'Game Over' review: Taapsee Pannu carries the film well as a wheelchair-bound nyctophobia victim
The supernatural elements are subtle enough to be noticed, but never overpowering.
In addition, she is still to come to terms with a horrifying personal tragedy, one that left her wheelchair-bound and suffering from post-traumatic stress disorder (PTSD). The result is a mix of paranormal horror and psychological thriller, one that will leave you utterly satisfied.
Pannu carries the 103-minute film, and does justice to the various things expected of her. Gamer, wheelchair-bound, PTSD survivor, nyctophobia victim, etc., she manages to pull off everything with aplomb. Being handicapped left her with little scope for glamour, but she hasn’t let that be a factor. Following her previous release 'Badla', which was also a crisp thriller, Pannu is evolving as any aspiring thriller filmmaker’s go-to girl.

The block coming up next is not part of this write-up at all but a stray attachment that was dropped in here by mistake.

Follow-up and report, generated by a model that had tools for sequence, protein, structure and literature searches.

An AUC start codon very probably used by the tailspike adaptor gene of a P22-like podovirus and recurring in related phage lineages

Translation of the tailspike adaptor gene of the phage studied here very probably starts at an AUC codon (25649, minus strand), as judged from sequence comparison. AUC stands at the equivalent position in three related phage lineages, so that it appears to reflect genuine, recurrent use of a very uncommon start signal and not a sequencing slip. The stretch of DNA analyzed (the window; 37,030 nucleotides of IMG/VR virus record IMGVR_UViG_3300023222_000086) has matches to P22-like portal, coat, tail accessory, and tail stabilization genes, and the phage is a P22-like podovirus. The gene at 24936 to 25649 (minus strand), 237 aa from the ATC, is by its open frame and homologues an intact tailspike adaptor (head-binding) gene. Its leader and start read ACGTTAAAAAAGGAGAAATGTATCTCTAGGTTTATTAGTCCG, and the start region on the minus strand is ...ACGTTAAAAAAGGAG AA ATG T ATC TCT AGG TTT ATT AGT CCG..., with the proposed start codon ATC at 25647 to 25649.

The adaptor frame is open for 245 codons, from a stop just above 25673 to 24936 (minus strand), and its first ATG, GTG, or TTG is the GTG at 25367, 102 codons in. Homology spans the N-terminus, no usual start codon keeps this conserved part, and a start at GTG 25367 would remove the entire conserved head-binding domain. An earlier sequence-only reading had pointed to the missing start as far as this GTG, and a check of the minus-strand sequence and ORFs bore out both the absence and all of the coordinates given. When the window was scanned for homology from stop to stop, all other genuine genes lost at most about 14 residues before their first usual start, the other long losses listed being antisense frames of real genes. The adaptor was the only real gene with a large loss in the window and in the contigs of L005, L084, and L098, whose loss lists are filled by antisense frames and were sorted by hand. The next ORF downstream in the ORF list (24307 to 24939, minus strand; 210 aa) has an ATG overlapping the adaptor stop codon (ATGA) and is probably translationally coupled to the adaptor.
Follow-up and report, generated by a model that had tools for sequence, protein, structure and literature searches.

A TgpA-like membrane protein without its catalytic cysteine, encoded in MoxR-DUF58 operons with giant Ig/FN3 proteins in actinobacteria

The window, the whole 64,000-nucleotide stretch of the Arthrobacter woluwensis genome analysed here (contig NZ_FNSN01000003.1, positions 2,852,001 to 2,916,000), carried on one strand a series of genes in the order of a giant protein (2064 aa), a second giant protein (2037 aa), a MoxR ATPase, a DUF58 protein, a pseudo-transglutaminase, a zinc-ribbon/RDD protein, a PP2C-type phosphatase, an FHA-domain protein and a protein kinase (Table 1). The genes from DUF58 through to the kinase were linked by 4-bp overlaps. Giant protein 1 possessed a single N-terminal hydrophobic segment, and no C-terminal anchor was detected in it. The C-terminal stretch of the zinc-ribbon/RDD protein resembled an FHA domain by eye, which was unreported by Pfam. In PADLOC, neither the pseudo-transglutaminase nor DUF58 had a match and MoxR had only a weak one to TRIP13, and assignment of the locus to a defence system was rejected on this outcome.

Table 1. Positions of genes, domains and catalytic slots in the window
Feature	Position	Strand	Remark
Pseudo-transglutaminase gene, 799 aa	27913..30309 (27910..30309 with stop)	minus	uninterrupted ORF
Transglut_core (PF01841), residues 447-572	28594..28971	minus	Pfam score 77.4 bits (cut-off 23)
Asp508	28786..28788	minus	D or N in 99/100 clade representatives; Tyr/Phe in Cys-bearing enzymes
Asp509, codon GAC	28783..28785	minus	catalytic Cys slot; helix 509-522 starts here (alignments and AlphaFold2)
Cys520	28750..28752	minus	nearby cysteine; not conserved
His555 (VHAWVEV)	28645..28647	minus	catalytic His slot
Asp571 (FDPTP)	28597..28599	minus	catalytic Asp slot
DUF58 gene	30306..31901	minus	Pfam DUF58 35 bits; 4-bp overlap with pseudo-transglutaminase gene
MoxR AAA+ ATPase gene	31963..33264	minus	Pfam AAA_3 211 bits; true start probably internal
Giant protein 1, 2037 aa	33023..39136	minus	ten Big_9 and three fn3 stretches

Director Saravanan has also matured since his directorial debut, 'Maya'. In 'Game Over', he has a tightly packaged, crisp thriller that feels a tad too long at 103 minutes, but doesn’t lag. He’s also brought together a number of real world concepts, like ‘anniversary reaction’ and ‘memorial tattoo’.
The supernatural elements are subtle enough to be noticed, but never overpowering. And blending them all together is an intense soundtrack and background score by Ron Ethan Yohann, and cinematography by A Vasanth.
Both of them have brought their A-game to the film, and this game wouldn’t have been over if not for them.